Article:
The Nieuport 28 was rejected by the French Air Service as not suited to be front-line equipment. At the time, the American Army was desperate for any airplane they could scrounge, and 297 Nieuports were delivered to the "Yanks."
The first airplane Americans flew into combat, it was loved by some and feared by others. Flying 28s, Douglas Campbell and Alan Winslow each shot down a German fighter on April 14, 1918, becoming the first U.S. airmen to destroy a plane in combat. Famous ace Eddie Rickenbacker scored many of his twenty-six victories flying his Nieuport.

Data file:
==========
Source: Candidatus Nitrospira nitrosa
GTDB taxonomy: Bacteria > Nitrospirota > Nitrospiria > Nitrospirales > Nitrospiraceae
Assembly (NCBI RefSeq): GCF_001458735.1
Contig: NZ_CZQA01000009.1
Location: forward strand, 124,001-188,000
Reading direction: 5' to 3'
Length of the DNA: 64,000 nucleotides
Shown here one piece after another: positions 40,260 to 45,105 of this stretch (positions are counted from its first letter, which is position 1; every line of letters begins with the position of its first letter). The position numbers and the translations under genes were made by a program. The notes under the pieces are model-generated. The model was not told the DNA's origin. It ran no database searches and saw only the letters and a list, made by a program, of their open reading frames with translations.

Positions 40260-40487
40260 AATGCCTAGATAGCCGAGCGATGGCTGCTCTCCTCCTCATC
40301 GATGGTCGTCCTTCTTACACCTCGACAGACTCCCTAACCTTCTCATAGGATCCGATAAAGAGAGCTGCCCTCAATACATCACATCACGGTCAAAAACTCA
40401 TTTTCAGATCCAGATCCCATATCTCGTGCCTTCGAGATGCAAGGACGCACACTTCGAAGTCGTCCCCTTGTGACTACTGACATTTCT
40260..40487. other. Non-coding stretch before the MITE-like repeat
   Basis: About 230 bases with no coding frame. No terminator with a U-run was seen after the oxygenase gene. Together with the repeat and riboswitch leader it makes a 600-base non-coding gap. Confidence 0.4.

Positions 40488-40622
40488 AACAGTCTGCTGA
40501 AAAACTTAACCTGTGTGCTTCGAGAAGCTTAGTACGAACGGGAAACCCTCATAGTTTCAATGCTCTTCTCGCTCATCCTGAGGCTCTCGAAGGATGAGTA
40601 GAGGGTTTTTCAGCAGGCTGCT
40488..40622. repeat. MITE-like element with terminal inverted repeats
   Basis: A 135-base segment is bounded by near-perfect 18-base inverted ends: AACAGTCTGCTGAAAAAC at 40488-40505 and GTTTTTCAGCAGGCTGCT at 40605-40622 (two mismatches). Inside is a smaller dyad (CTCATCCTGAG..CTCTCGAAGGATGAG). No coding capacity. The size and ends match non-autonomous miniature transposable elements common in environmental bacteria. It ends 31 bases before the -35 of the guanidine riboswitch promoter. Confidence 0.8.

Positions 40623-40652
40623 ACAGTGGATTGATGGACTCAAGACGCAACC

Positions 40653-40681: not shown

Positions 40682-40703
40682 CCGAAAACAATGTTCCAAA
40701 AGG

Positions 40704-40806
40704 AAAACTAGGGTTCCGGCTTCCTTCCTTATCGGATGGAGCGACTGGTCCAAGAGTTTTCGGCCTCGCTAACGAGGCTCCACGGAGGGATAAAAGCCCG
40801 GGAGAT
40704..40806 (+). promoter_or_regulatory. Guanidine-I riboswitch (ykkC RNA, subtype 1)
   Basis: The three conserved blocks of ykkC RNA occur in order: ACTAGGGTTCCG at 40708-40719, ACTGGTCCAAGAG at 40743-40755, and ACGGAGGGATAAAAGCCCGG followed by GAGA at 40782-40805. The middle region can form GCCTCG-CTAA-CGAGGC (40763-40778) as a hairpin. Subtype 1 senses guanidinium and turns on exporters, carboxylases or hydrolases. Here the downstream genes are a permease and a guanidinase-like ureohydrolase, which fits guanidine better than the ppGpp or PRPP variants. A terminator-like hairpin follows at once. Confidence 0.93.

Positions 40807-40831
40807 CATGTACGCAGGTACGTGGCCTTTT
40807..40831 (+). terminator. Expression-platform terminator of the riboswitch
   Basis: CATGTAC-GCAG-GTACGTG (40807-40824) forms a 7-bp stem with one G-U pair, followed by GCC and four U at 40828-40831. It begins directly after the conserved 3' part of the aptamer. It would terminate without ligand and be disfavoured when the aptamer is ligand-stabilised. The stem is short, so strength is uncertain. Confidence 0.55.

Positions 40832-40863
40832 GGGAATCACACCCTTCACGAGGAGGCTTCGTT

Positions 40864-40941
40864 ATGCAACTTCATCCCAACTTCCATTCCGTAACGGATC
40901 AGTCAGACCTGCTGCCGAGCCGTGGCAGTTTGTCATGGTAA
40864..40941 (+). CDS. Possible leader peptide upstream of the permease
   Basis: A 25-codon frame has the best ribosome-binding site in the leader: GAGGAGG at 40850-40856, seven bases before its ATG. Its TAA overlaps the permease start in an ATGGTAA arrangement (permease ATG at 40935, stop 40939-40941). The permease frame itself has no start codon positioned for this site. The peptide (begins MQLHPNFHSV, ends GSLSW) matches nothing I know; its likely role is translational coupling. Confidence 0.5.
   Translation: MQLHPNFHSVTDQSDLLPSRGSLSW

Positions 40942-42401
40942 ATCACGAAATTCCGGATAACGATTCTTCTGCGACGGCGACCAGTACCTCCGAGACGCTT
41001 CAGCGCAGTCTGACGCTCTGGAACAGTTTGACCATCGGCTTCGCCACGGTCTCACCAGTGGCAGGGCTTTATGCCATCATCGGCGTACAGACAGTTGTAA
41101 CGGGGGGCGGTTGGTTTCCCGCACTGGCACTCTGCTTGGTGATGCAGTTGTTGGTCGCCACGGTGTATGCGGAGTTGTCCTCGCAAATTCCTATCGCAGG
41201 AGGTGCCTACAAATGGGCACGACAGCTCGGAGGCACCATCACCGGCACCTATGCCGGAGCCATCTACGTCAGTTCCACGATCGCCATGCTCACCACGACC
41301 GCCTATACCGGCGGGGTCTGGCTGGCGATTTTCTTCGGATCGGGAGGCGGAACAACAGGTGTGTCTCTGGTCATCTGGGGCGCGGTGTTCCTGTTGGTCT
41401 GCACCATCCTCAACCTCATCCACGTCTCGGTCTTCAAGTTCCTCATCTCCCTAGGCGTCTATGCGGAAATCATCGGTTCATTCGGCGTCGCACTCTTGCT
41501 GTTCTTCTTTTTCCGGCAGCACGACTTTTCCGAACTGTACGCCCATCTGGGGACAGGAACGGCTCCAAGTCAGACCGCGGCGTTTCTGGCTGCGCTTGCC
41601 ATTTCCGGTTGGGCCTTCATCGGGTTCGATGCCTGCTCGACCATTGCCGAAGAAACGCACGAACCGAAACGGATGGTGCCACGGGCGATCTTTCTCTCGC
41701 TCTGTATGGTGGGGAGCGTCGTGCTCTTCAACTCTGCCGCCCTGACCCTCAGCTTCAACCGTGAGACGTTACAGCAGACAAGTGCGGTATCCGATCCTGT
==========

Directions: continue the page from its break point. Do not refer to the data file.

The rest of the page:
On the other side of the coin, Rickenbacker, America's beloved hero, was almost killed when the upper wing fabric on his 28 tore apart in flight. Teddy Roosevelt's son, Quentin, and ace Raoul Lufbery were also killed while flying Nieuport 28s.
The Museum of Flight's Nieuport 28 is an original, and both Robert Rust and Jim Appleby worked on its restoration before it was finished by Roger Freeman of Marlin, Texas in 1999. The plane has a Gnome 9-N, 165 h.p rotary engine and two .303 inch Vickers machine guns. The plane currently carries the paint scheme of Quentin Roosevelt.